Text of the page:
6. Because they are delivering in small batches, agile teams need small amounts of frequent input and feedback from customers (or product owners) and stakeholders. Each increment (or even more frequently) they need to know what they should focus their efforts on next and how what they have delivered is meeting people’s needs.

Delivery teams need frequent and fast decisions to be efficient and effective. With big batch delivery, customer and stakeholder feedback is needed less often — because change is prevented as much as possible — but for greater amounts of time each time it is given. This can cause several points of friction: for example, the different approach to engagement may not be communicated well or even understood or there may be coordination issues. Stakeholders may also batch up decisions in a way that’s convenient for them but which blocks or slows delivery work (for example, monthly (or even less frequent) governance boards).

7. Agile teams are typically made up of the right mix of cross-functional team members to deliver a working product. Responsibility for delivery is shared by the team. In the established way of working, multiple separate teams of specialists work by passing documents and intermediate deliverables (e.g. requirements specifications or untested software) along a chain. Responsibility for delivery is spread throughout the chain or is held at a level above the chain in, for example, a programme management office one step removed from any delivery.

8. Agile projects may be relatively small and there may be many more of them. These projects often begin with short discovery and alpha phases. Work may stop on a project after a discovery or alpha or even during those phases. This means there are typically many more, but shorter, agile projects. In a pre-agile world, it’s more common to have fewer, but larger programmes of work. Non-agile project approval processes are typically optimised on the basis that this is the case.

When moving to agile, an increase in the number of projects being run, even though they are individually smaller, can place anticipated additional load on portfolio teams, programme management offices and individuals in finance, commercial and HR teams working with delivery teams. This load will continue until those teams adapt their processes to the new type of demand being placed on them.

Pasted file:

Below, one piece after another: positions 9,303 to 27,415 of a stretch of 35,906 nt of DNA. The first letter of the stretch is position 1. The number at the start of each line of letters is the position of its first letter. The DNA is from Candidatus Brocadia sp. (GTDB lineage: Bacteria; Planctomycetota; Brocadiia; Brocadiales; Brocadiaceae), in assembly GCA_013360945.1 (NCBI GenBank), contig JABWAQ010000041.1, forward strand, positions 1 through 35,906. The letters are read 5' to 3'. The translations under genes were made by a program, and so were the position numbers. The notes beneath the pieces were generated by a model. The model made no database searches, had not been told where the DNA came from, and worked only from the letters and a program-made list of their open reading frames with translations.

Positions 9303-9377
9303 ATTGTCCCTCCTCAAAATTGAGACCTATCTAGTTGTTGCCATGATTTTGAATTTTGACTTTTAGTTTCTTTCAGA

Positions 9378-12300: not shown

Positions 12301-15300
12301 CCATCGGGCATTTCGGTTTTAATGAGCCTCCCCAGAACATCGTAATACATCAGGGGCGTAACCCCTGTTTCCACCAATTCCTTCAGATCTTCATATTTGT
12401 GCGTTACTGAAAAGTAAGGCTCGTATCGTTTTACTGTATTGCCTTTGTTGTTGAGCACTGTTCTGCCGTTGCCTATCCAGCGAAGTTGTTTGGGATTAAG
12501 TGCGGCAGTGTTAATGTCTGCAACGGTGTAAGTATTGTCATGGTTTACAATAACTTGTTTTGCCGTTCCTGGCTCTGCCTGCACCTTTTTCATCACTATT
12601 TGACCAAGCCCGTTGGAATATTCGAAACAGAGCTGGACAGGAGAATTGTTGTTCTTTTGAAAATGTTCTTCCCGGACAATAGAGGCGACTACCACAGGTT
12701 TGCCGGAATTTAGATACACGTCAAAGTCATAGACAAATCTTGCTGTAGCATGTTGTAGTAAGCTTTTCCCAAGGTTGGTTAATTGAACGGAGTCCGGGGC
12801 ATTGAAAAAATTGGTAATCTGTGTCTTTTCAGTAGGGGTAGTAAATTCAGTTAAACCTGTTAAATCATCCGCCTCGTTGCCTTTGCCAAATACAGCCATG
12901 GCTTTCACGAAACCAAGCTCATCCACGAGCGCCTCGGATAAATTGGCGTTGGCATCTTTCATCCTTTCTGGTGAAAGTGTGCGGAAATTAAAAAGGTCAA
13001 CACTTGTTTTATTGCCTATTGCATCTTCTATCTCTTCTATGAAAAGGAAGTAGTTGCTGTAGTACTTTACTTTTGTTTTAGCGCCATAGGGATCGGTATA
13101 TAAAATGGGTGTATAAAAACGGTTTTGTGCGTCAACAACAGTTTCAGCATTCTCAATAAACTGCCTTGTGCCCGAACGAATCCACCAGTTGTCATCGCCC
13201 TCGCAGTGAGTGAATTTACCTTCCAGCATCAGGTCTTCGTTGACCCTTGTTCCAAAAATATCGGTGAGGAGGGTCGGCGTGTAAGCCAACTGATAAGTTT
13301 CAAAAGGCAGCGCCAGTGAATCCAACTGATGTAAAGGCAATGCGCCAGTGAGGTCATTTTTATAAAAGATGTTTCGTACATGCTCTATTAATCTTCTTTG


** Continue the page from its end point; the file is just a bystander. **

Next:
9. As noted above, agile teams often start delivery with a short discovery phase, where they research the main user needs for a service, explore options for delivering it and generally get a sense of whether it’s worth building.

The idea of a discovery phase is that the team delivers new learning in each increment. Good agile teams know that their discovery work may lead to the project progressing no further. Indeed, it’s a big win for the organisation if the project can be stopped after discovery as it saves them the cost of developing a service that won’t be successful.

In non-agile teams, thinking happens before delivery and change is prevented as much as possible. There’s an assumption that once delivery starts it’ll continue through to the end. This is expensive and embarrassing if it’s later learned that the service isn’t delivering the outcomes it was expected to when it comes into contact with reality.

10. Agile teams can pivot and scale up or down very quickly, especially in discovery and alpha when you know least about what you’re trying to build. You may need more or fewer people with little notice. Non-agile methods assume team size and composition can be worked out in advance. Procurement methods, therefore, needn’t be responsive. Big batch delivery also leads to big batch procurement, which is time-consuming and often requires more governance and a longer list of approvers, slowing down delivery.

11. Agile teams often work towards outcomes rather than deliverables and features. If you’re a non-agile project tracker, this will require some adjustment in your approach. You won’t be tracking progress against planned deliverables and estimated effort but rather working with the delivery team regularly to agree how much money you want to spend to achieve which outcomes. You will probably also find that stakeholders will need to be educated to monitor progress differently.

12. Agile needs trust and empowerment in order to work. Those closest to the work need to be able to make decisions about what to build and how the work works. Teams communicate in very open ways, which should help foster this trust. Agile also comes with a set of artefacts and meetings, such as the daily stand-up at the team wall and regular show and tells that increase openness. Teams communicate face-to-face every day, sharing their work with each other and with those outside the team, including stakeholders and others in governance roles. Non-agile ways of working often require communication through documents and contracts. This doesn’t engender mutual trust. Also, these artefacts are often not available to those outside the project.